As cities nationwide wire for broadband by attracting competition, competing to bring in Google Fiber, or investing in public service or public-private partnerships, rural America continues to be overlooked. The FCC estimates that 15 million Americans – the vast majority in rural communities – lack even “entry level” broadband in their homes.
Fortunately, rural communities have a competent, effective lobbying organization in the NTCA – The Rural Broadband Association. The NTCA, according to its website, “represents nearly 900 independent, community-based telecommunications companies that are leading innovation in rural and small-town America[,…] advocates on behalf of its members in the legislative and regulatory arenas, and… provides training and development; publications and industry events; and an array of employee benefit programs.”
Among its industry events was the NTCA’s Southeast Regional Conference, held on July 10-11, 2016, in Williamsburg, VA. I had the privilege of being one of the 500 or so folks attending the event at the Williamsburg Lodge. I found myself and maybe four other attendees wearing ties on day one in this down to earth event that had guests coming from Tennessee, Kentucky, Virginia, and North Carolina.
After removing my tie on day one, I joined my fellow attendees in short-sleeved dress and polo shirts. In between conference panels and over meals, I learned which rural telecom towns had the the fewest street lights, why rural America shouldn’t hold its breath for Google Fiber (hint: they tend to build in NFL cities), and I observed a friendly competition to see who could tell the best joke at Washington, DC’s expense (In good fun). Finally, the People’s Rural Telephone Cooperative of eastern Kentucky told the story of its success – including how it used mules to pull fiber up the hill to wire its gigabit hollers (hollows)!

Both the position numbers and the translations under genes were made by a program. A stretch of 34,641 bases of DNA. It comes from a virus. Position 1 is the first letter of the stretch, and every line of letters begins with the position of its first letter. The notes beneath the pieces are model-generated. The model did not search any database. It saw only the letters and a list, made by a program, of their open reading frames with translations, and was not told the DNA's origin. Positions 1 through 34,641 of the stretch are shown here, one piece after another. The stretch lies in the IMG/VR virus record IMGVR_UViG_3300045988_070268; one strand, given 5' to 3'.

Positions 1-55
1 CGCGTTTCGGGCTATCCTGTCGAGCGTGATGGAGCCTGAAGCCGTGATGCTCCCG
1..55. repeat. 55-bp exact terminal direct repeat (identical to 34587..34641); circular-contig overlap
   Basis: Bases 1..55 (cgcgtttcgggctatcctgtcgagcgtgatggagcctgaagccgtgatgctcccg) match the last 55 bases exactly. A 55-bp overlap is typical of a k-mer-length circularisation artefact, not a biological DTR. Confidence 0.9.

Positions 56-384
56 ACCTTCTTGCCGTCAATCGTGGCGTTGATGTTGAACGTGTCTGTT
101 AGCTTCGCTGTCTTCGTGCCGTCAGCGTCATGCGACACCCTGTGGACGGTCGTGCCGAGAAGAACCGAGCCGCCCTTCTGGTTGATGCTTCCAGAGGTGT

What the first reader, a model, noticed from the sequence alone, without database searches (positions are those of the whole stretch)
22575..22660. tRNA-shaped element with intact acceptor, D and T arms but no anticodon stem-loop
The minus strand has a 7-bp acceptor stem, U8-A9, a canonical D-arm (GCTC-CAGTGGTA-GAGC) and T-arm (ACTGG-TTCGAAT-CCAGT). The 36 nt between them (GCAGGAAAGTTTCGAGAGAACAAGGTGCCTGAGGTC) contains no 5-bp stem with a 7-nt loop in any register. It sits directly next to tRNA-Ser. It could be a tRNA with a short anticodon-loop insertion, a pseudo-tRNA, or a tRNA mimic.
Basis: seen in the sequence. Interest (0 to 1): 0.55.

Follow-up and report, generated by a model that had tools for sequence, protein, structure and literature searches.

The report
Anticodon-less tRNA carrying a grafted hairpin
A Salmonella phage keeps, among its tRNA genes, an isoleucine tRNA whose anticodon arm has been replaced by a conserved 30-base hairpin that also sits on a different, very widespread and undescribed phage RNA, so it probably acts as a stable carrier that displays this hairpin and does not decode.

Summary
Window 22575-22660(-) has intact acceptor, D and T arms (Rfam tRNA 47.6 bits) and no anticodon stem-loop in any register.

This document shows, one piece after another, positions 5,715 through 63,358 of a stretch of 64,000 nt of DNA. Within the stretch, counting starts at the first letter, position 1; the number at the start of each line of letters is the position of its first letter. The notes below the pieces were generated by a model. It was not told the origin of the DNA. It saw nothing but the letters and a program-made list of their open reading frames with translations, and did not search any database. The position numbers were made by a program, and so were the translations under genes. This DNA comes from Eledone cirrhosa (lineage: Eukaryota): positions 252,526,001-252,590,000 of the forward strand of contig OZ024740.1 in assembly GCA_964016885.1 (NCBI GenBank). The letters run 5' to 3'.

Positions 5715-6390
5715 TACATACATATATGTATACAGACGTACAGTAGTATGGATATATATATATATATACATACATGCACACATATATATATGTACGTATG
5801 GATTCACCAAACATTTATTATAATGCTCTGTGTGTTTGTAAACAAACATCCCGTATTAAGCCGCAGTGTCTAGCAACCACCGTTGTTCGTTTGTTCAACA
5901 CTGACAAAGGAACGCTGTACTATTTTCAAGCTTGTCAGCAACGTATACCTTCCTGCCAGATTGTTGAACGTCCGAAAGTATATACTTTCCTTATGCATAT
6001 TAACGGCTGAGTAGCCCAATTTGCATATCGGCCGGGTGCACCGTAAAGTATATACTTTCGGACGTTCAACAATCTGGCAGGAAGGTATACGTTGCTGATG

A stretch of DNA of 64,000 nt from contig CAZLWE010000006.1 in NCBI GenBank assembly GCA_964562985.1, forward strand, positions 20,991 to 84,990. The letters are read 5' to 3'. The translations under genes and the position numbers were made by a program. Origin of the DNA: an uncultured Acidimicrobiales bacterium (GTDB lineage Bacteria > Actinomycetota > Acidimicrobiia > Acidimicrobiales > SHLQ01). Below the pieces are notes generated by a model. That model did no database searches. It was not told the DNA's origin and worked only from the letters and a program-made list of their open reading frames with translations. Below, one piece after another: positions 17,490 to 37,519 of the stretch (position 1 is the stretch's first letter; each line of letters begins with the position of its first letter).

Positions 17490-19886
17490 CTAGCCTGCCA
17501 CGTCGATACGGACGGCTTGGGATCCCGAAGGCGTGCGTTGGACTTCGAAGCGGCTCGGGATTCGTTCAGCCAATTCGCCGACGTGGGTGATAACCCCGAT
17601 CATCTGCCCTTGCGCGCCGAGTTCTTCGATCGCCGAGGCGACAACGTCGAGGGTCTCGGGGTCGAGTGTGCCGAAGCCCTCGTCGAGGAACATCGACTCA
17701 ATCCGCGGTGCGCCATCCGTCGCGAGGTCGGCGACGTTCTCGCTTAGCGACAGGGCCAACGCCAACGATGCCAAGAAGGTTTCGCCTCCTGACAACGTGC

I didn’t just schmooze and enjoy Colonial Williamsburg! The conference’s panels were as fascinating as the networking opportunities, and I came back to DC educated with new insights regarding the opportunities and challenges for rural telecoms that offer – or are seeking to offer – broadband to their customers.
Below is a brief list:
- Rural broadband providers are and need to continue to move into supporting home wireless networks, and connecting peripherals, so they can improve their customers’ perception of network reliability and control the general user experience.
- Rural telecoms are being strongly encouraged to move into their own pay-per-use services such as security cameras, home automation, and additional wireless access points.
- Rural telecoms are seeking straightforward ways to map population trends and land development projects to determine what new service areas they might acquire.
- Finally, don’t knock mules! They got the job done.
It was a pleasure to attend the NTCA’s conference, and to meet many of the great rural telecommunications professionals who attended. I look forward to next year’s!